What is a sure fire way to get students excited about vocabulary? Ask them to come up with a fun name for a brand new car.
Car names can be vocabulary words! I will never forget the student who had a Mitzubishi Mirage –and every time the vocabulary word mirage would come up, she would get so excited that we were talking about her car (that wasn’t even real, I would tease her).
More recently, my husband and I rented an SUV to transport additional family members, and it turned out to be a Buick Enclave. Enclave is one of my favorite vocabulary words (yes, I have many favorites), and I thought that Buick’s use of the word as a car model was perfect-an SUV really is a secure, enclosed space where one can escape from everyone else!
This led me to start googling for other car model names, but I couldn’t find any other good vocabulary words as car names (feel free to list your favorites under comments, because I kept finding “Gremlins” and “Jettas” –not very scholarly)!
After a while, I thought that instead of bringing the car names to the students, they should create their own to bring to me. Students can create a car model name (and perhaps even a car brand, if they get ambitious). Then they create the car visually and write a paragraph detailing the features of the car that highlight the vocabulary word’s meaning. You can give the students my example for more clarification, if you want.
In terms of the visual aspect, I created a template of cars that you can download and print off, or you can have the students draw their own (perhaps even coordinate with the art teacher).
As a variation, if you don’t have much time, you could simply ask for a car name and a slogan that explains the relationship between the car name and it’s attributes. In my example, my title is, “Toyota Indomitable: Making YOU Master of the Road” –which explains that my SUV is large and undefeatable!
The Toyota Indomitable: Making YOUMasterof the Road!
The road has many hazards these days. Chaotic roadwork, careless drivers, and hazardous weather conditions all make for a war zone kind of commute. What better way to assert yourself as undefeatable on the battleground of the highway than in a Toyota Indomitable. In an Indomitable, you can feel superior with 8 airbags, 2 extra-large metal bumpers, bulletproof tinted windows, a stainless steel “Caterwaul” airhorn mounted on the roof and colossal rotating tire rims.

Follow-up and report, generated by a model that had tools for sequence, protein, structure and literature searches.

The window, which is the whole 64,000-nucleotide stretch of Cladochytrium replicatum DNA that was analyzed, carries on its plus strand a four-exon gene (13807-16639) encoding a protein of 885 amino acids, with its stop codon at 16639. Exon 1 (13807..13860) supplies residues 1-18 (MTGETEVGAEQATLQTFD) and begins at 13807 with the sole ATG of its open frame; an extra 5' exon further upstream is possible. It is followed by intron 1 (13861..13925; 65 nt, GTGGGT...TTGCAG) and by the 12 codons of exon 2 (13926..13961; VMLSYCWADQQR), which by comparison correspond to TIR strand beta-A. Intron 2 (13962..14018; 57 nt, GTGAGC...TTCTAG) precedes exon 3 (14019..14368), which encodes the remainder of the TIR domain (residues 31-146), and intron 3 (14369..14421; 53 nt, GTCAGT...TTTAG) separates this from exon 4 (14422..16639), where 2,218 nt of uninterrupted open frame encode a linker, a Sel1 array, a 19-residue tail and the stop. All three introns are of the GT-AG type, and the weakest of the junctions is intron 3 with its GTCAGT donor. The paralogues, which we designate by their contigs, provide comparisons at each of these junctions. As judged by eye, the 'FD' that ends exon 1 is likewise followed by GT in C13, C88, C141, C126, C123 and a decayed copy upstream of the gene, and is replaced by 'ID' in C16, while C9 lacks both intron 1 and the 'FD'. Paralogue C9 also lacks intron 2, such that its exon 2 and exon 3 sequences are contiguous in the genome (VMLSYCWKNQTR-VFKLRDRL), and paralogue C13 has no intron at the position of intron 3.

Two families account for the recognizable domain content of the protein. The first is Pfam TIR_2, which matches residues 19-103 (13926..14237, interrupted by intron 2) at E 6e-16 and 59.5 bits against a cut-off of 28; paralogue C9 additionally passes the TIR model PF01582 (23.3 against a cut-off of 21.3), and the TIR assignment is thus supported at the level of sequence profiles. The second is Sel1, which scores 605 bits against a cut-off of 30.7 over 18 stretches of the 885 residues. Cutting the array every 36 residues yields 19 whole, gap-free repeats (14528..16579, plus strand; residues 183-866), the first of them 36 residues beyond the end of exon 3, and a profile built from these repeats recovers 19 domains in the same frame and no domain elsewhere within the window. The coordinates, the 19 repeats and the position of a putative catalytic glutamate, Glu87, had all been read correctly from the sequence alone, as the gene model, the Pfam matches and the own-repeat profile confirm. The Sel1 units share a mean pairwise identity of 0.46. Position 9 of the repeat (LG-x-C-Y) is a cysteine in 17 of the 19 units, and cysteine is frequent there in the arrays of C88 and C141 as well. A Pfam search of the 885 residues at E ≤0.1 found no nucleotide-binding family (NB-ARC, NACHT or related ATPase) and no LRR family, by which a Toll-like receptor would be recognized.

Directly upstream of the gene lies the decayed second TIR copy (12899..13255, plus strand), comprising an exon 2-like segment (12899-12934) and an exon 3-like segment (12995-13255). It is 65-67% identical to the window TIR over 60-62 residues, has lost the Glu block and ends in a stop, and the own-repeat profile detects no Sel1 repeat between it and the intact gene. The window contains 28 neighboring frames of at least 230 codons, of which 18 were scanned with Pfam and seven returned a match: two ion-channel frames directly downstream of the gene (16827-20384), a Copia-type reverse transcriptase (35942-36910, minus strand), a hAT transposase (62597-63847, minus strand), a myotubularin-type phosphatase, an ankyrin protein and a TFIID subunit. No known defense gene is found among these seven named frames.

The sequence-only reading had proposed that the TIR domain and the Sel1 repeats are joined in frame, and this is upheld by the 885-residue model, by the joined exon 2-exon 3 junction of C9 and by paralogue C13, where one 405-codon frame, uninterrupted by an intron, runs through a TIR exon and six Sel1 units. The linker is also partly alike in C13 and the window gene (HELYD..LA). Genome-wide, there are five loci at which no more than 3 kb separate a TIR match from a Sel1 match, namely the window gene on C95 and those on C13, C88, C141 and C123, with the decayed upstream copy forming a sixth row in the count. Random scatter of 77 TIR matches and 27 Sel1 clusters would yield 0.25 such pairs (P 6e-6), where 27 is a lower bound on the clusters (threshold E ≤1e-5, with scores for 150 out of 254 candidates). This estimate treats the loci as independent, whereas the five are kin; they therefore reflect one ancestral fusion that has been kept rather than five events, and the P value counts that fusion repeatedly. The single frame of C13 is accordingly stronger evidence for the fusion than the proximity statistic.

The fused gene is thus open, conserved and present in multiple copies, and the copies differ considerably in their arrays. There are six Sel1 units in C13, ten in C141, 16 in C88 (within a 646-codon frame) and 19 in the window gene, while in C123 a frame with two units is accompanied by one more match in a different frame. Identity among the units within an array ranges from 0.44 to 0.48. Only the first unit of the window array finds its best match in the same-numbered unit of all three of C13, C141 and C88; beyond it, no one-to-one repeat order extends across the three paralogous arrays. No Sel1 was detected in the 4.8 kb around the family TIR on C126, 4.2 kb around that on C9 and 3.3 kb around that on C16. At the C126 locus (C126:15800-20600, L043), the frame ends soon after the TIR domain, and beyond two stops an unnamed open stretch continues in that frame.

People will know that you are number one as you ride in style with leather interior, 10 extra-large cup holders, a Bose surround sound speaker system, two mounted TV/DVD players in the rear, and a mini fridge in the driver’s side compartment-all standard features in your Indomitable.
Additionally, thieves will know that your family’s fortress on wheels is impregnable as your Indomitable comes with a patented Brinks anti-theft security system installed with its logo emblazoned across both sides of your enormous SUV.
To let your fellow travelers know that you are indefatigable, your family’s crest can detailed across your Indomitable’s back windshield in neon-making all those more stick figure families and monogram decals look callow in comparison.
Ultimately, everyone will know that you are the king of the road as you maneuver your Indomitable throughout life’s journeys.
Underlined words are other vocabulary words used in your ad
Italicized words are synonyms for your vocabulary word, letting other readers truly understand how your car amenities match the definition of your car’s name.
Bold your car name/vocabulary word each time you use it
Language Standard 4:Determine or clarify the meaning of unknown and multiple-meaning words or phrases Language Standard 5:Demonstrate understanding of figurative language, word relationships, and nuances in word meanings & distinguish among the connotations of words. Reading Text Standard 4: Craft and Structure: Determine the meaning of words and phrases as they are used in a text, including figurative and connotative meanings; analyze the impact of specific word choices on meaning and tone, including analogies or allusions to other texts.